under guideline-based HF therapy, a multidisciplinary team (MDT) discusses restarting anthracycline chemotherapy in these patients. ACE-I, ARB, and/or beta-blockers are considered in mild asymptomatic CTRCD, while anthracycline chemotherapy continues uninterrupted. If there is a compelling reason to continue anthracycline chemotherapy, three other strategies exist in addition to continuing ACE-I/ARB and beta-blockers in targeted doses for HF. First, minimizing the dose of anthracycline chemotherapy administered. Second, switching to liposomal anthracycline medications. Third, pre-treatment with dexrazoxane before each further cycle of anthracycline chemotherapy. Thorough cardiac monitoring every 1–2 cycles is recommended for patients who restart anthracycline chemotherapy following an episode of
CTRCD and in patients with mild asymptomatic CTRCD while they continue anthracycline chemotherapy.
Arrhythmias / QT interval prolongation
QTcF <480 ms – continuation of current treatment is indicated; QTcF 480-500 ms – proceeding with caution, correcting reversible causes, minimizing other QT-prolonging medications, repleting electrolytes; QTcF >500ms – stopping treatment and evaluation is needed. It may require dose reduction or alternative therapy.
Immune checkpoint inhibitors-related (ICI) myocarditis
The diagnosis of myocarditis is initially based on cTn elevation with one primary or two minor criteria after the exclusion of acute coronary syndrome (ACS) and acute infectious myocarditis. Major criterion: cardiac magnetic resonance diagnostics for acute myocarditis (modified Lake-Louise criteria). Minor criteria: clinical syndrome of myocarditis, including cardiogenic shock; ventricular arrhythmia and/or new conduction system disease; decline in LV systolic function, with or without regional wall motion abnormalities in a non-Takotsubo pattern; other immune-related adverse events.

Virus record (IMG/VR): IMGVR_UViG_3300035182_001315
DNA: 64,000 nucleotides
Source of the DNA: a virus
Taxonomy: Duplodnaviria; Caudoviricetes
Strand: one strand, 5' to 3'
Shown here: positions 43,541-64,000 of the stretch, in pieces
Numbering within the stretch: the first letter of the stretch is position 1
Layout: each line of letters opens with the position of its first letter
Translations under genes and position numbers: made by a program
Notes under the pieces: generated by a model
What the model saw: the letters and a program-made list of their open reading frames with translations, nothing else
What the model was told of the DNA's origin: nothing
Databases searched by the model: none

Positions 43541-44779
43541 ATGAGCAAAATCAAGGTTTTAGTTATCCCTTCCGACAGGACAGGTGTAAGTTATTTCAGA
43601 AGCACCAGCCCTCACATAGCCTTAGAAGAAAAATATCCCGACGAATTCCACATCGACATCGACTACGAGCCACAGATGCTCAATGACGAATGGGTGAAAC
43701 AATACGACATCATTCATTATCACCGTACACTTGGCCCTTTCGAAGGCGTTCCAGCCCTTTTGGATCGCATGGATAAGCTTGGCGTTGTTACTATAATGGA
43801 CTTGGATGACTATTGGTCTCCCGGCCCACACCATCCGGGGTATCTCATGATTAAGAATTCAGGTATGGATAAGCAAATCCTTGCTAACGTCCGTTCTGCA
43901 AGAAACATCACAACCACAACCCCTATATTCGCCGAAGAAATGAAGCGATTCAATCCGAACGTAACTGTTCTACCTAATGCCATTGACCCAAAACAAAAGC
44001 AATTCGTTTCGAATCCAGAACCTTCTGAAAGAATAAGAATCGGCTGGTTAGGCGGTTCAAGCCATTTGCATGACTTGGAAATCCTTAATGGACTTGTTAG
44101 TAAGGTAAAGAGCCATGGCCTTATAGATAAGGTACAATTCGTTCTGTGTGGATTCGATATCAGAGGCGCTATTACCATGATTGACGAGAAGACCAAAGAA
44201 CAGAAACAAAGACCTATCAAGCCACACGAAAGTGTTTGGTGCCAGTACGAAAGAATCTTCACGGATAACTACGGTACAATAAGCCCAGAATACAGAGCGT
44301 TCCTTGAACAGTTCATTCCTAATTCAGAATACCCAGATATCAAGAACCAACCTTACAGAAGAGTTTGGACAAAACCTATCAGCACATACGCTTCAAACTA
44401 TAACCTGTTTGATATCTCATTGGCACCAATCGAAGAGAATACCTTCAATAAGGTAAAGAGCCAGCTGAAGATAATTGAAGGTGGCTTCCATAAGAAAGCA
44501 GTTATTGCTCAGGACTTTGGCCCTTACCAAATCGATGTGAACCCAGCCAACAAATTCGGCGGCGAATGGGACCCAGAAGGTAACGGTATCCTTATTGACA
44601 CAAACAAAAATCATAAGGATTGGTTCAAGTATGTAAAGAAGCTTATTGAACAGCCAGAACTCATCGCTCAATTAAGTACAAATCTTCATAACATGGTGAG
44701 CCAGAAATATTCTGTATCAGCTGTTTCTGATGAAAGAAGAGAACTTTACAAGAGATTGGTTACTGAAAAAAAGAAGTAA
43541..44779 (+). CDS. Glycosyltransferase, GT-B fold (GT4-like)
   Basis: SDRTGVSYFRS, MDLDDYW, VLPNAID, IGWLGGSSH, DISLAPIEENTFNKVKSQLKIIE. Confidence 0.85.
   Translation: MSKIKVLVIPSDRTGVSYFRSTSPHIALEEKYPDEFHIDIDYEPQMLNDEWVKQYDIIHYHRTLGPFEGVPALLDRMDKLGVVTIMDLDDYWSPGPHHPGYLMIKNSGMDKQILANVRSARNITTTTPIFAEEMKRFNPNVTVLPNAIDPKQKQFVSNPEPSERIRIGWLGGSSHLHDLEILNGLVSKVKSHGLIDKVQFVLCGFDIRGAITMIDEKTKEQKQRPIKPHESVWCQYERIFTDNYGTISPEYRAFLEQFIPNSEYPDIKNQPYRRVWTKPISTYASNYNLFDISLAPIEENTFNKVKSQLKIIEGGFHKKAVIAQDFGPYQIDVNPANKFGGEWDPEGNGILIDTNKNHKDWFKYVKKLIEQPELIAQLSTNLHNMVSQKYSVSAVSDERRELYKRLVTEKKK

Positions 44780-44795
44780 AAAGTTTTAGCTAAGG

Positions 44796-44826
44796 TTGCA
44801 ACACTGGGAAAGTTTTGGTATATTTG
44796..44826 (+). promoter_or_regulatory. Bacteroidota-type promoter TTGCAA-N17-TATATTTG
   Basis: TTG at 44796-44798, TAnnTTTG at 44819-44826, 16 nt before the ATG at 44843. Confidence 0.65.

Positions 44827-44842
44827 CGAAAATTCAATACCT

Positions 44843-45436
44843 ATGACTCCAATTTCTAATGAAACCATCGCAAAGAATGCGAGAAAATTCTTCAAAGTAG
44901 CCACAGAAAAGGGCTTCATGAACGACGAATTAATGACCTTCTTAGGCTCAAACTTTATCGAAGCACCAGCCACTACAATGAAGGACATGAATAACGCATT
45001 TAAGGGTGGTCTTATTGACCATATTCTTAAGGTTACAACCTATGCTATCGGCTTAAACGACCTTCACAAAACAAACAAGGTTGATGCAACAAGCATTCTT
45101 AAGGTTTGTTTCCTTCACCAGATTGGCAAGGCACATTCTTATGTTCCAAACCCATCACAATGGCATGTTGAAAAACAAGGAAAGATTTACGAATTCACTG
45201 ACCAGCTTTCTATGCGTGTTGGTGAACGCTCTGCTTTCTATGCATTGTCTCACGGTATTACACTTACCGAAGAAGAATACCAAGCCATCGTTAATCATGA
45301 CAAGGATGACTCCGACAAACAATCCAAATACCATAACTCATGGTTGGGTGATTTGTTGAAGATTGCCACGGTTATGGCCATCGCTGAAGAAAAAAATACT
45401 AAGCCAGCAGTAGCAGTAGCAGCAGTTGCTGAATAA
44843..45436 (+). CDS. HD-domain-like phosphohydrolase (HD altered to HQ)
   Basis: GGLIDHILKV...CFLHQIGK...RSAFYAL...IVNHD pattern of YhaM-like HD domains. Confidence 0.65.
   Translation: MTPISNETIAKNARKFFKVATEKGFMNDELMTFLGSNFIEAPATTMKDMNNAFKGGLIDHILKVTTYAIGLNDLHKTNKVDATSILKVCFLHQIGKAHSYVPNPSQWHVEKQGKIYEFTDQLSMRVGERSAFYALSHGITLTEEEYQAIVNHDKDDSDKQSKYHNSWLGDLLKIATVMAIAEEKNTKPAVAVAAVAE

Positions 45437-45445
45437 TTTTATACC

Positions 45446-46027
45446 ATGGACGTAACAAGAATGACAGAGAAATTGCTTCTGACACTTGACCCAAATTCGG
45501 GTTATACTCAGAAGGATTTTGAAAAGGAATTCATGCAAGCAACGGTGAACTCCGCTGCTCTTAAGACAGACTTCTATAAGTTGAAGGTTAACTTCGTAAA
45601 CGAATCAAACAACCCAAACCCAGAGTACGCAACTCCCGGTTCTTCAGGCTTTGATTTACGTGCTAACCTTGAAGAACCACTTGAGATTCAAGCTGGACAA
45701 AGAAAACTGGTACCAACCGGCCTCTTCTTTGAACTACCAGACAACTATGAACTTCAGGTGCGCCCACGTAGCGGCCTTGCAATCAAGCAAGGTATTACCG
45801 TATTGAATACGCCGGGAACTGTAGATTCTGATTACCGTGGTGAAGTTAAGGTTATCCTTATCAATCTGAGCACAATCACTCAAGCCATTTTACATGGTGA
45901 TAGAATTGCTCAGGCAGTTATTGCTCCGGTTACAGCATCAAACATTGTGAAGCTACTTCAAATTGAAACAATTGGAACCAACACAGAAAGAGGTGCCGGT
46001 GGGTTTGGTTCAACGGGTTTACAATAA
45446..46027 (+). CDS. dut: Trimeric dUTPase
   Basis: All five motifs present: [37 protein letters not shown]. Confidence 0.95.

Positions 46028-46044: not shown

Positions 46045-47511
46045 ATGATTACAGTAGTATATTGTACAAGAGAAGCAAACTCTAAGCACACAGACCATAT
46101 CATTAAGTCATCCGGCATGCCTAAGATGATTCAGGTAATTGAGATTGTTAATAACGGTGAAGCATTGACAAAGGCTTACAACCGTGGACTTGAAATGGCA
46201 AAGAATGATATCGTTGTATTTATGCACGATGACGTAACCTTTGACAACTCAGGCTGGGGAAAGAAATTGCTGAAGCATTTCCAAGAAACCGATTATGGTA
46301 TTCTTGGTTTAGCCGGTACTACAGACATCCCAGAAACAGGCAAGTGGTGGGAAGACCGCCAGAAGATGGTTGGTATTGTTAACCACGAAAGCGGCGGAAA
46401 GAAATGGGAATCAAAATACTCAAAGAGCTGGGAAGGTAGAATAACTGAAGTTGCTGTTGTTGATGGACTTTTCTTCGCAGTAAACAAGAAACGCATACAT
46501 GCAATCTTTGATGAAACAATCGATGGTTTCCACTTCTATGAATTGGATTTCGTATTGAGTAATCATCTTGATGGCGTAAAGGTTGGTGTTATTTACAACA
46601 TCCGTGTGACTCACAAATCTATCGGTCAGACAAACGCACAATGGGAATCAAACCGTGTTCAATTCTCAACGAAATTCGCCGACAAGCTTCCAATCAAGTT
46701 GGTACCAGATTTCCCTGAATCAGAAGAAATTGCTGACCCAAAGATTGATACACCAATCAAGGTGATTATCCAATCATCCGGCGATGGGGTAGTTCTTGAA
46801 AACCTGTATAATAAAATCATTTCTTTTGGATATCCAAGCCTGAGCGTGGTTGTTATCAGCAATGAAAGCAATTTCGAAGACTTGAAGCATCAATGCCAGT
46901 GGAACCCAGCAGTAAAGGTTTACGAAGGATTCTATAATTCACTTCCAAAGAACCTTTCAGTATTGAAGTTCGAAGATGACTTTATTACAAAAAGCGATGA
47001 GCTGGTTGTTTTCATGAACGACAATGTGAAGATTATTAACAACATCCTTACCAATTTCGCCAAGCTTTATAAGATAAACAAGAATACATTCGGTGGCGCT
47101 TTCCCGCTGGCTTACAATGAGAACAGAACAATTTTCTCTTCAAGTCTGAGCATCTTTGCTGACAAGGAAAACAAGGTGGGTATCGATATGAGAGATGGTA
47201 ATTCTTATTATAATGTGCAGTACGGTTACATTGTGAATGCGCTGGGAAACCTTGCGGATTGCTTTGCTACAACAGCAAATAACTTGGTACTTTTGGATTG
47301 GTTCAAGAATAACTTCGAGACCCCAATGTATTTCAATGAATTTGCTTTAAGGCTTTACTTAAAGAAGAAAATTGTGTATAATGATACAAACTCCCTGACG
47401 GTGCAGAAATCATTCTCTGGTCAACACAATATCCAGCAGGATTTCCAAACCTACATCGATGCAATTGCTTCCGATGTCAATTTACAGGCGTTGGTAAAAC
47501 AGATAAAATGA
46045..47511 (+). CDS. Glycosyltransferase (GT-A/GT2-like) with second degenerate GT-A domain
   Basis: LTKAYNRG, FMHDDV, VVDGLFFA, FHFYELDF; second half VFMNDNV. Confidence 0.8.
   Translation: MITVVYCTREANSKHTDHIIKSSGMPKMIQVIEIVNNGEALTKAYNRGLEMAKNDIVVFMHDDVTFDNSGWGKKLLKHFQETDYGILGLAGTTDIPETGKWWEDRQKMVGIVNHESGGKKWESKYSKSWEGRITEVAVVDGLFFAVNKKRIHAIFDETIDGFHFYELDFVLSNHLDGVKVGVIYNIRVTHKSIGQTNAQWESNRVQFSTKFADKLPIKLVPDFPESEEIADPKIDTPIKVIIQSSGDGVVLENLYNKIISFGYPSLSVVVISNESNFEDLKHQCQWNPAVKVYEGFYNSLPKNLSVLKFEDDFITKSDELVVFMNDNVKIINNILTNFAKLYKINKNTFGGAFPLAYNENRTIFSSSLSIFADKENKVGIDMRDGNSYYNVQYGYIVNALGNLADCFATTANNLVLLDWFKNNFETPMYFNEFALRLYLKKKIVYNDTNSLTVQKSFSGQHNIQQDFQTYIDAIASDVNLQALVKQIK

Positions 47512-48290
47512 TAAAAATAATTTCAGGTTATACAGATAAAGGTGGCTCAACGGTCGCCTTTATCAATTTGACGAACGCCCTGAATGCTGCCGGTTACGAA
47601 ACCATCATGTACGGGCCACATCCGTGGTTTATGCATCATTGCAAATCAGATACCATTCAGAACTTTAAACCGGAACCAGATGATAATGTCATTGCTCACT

All cases of ICI-associated myocarditis are classified according to severity: fulminant, non- fulminant, and steroid refractory. If myocarditis is suspected or confirmed, ICI therapy should be interrupted until stabilization, early high-dose methylprednisolone i.v. is recommended for 3-5 days, then switching to oral prednisolone until resolution of symptoms, LV systolic dysfunction and conduction abnormalities, and significant cTn reduction.
Vascular toxicity can be symptomatic and asymptomatic. Symptomatic (stroke, transient ischemic attack, myocardial infarction, ACS, chronic coronary syndromes, peripheral artery disease, vasospastic angina, microvascular angina, Raynaud`s phenomenon); Asymptomatic (atherosclerosis, thrombosis, abnormal vasoactivity).
Treatment threshold =130 mm Hg systolic and/or =80 mm Hg diastolic pressure in patients with high CV risk (SCORE2, SCORE2-OP or equivalent); otherwise - =140 mm Hg systolic and/or =90 mm Hg diastolic. Cancer therapy holding threshold is =180 mm Hg systolic and/or =110 mm Hg diastolic.
Baseline cardiovascular toxicity risks stratification
A baseline CV risk assessment leading to a reduction in treatment interruptions is highly recommended for all cancer patients before starting anticancer therapy. Stratifying the risk of CTRCD requires a personalized/systematic approach using the HFA-ICOS form. It is performed by a treating oncologist/hematologist, with a cardiologist's consulting. These forms incorporate sets of risk factors (RFs) to determine specific cardiotoxicity risks: prior CVD, lifestyle factors, previous cancer history and therapy, ECG, physical and metabolic assessment, data on cardiac biomarkers and transthoracic echocardiography, and current cancer treatment. Cancer patients are stratified into low, medium, high, and very high groups at risk before starting treatments.